Well, ok, they weren’t really bison, just tumbleweeds…
Remember those old movies where a horseman would be galloping alongside a herd of wide-eyed bison as they stampeded across the plains, dust flying amidst thundering hooves? I had my closest experience ever to that interesting feeling today…
On our way to Chicago to visit family for the Thanksgiving holiday, we happened to leave the day following an early and burly winter storm yesterday, a fierce and old-fashioned nor’easter; its blizzard conditions packed some ferocious winds in excess of fifty miles per hour. But the snow had given way by today to a crystal blue Colorado sky, and the roads were clear and dry. We’ve driven that angled stretch of Interstate 76 between Denver and the Nebraska state line many times, always marveling at the piles of tumbleweeds stacked up against the barbwire fences on the east side of the highway. In fact, on the days we’d made a predawn departure, they had often provided quite the curious scene as a colorful morning sky dawned beyond them.
But here’s the thing: yesterday’s storm had moved all the tumbleweeds to the west side of the highway, and, as so typically happens, yesterday’s gale force winds from the east were matched almost completely today by their corresponding counterforce from the west -- all that unstable air had to somehow get back to the place it had occupied the day before! So as we traveled east and northeast along the interstate, hundreds and hundreds, nay, thousands of tumbleweeds had to do the same, all of them being blown back to the east side of the road. The first time we came upon a bunch of them moving east or northeast with our car, I commented to Gail that I felt like we were in one of those old movie scenes surrounded by a stampede! We, of course, traveled ‘with’ the ‘herd,’ inevitably running over many as they exploded in the wind around our car. But what a sight the vehicles were on the opposite side – many of them, cars and trucks alike, completely covered across their grills with growing tumbleweed layers. It made them look like a bunch of thickly bearded goblins running down the road.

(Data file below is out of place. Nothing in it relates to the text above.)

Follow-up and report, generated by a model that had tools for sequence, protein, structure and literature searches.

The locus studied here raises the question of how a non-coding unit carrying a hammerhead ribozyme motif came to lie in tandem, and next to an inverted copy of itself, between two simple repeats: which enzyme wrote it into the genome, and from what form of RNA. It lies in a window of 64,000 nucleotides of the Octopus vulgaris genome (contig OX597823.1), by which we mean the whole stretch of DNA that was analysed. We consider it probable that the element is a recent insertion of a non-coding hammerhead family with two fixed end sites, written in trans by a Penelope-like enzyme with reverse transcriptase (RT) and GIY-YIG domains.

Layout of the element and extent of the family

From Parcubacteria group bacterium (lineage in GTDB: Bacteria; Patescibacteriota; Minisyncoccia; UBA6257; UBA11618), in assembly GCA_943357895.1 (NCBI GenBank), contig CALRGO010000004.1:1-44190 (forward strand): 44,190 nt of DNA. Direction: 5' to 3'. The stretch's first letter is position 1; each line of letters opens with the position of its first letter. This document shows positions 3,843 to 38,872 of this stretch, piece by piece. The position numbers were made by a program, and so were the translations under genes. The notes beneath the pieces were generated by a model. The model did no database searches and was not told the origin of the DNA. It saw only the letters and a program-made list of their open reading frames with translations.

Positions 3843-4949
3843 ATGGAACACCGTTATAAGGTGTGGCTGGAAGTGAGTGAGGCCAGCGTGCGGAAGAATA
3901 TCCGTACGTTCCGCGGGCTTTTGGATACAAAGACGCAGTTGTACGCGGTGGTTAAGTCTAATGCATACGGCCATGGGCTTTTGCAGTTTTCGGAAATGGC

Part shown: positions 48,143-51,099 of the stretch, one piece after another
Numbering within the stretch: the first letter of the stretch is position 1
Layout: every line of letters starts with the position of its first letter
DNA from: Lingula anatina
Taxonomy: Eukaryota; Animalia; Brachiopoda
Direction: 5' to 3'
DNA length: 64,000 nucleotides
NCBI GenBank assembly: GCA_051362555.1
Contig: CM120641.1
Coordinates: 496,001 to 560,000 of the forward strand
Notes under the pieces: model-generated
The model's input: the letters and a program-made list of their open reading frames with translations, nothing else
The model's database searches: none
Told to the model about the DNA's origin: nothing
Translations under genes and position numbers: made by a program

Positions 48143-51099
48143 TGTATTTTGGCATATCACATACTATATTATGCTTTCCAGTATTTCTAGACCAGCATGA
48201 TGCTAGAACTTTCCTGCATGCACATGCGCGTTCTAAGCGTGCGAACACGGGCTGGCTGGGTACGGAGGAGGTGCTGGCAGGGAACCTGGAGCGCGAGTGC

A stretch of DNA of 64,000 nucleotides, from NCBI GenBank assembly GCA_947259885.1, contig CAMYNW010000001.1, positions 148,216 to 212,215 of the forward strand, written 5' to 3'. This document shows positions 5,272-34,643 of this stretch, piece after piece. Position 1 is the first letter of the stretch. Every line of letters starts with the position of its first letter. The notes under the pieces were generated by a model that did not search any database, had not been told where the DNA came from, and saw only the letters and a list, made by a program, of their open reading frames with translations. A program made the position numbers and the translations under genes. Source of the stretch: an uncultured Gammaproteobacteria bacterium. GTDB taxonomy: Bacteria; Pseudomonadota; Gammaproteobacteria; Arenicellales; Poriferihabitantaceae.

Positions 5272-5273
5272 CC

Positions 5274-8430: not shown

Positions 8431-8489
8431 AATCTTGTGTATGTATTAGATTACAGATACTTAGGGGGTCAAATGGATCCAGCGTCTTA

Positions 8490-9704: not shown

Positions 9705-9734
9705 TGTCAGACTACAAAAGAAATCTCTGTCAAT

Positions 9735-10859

Tumbleweeds have always fascinated me. (Apparently they’ve also fascinated my sister Denise – she once asked if we’d bring her one in Chicago, a request we were glad to oblige. But it sure took up a lot of room in the back seat and we still find an occasional poker sticking out of the cloth. Also, I’m not sure what my beloved brother-in-law had to say about it…) As we hike, we see them as small as basketballs and as large as Volkswagen Beetles. The pair shown below to the left were a couple of random ones we saw as we walked along a Las Cruces, New Mexico trail beside the Rio Grande.
In spite of their ubiquity in cheesy western films (picture one now rolling lazily across the dusty ghost-town street), the most common species in the interior west today is actually not even native but invasive. It’s called Russian Thistle, and is reputed to have come over in a shipment of flax seed from Eastern Europe to North Dakota in the 1870’s. Who knew? But there are lots of different kinds, and they vary widely in size and structure. Wikipedia says, “A tumbleweed is a structural part of the above-ground anatomy of a number of species of plants, a diaspore that, once it is mature and dry, detaches from its roots or stem, and tumbles away in the wind... Tumbleweed species occur most commonly in steppe and arid ecologies, where frequent wind and the open environment permit rolling without prohibitive obstruction.”
Beyond their physical fascination, I haven’t taken them particularly seriously over the years except when I try to aim my car at them as they cross a highway. You get points for that, you know, even if it makes your wife nervous. But farmers and agronomists have learned through hard experience to treat them much more seriously. Not only do they crowd out native foliage, but in drier regions they also starve both native plants and dryland crops of much needed moisture, each tumbleweed plant using up to forty gallons or more of water during a growing season. They also can negatively impact soil erosion, and produce fire hazards as they stack up in massive piles against buildings or vehicles. By and large, they are bad dudes.
But back to the ‘diaspore’ thing from the Wikipedia article. Though it’s just one word in the explanatory paragraph, this is the part that has always fascinated me most. Tumbleweeds are made to roll, not to provide forlorn and lonely ambience for old westerns, but in order to disburse their seed. Plants have different methods for seed dispersal – they can explode them, fly them, hitchhike them on animals or humans, or just drop them – but I think tumbleweeds are the only ones where the whole plant becomes the mechanism to deliver its seed wherever the wind rolls it. As it rolls and breaks down, seeds fall, or small pieces of the plant break off with seed attached, finding potential welcome in a harmonious place. They leave a mark of their presence wheresoe’er they roam.
I want to leave seeds of life,
hope and faith wherever I go.
How about you?
Noxiousness aside, of course, I guess in a different way I want to be like that, too. I want to leave seeds of life, hope and faith wherever I go. How about you?
Now thanks be to God, who always leads us in triumph in Christ, and reveals through us the sweet aroma of his knowledge in every place… a sweet aroma from life to life.
(2 Corinthians 2:14-16)
~~ RGM, from a 2014 entry in my nature journal,
adapted for my blog on November 25, 2016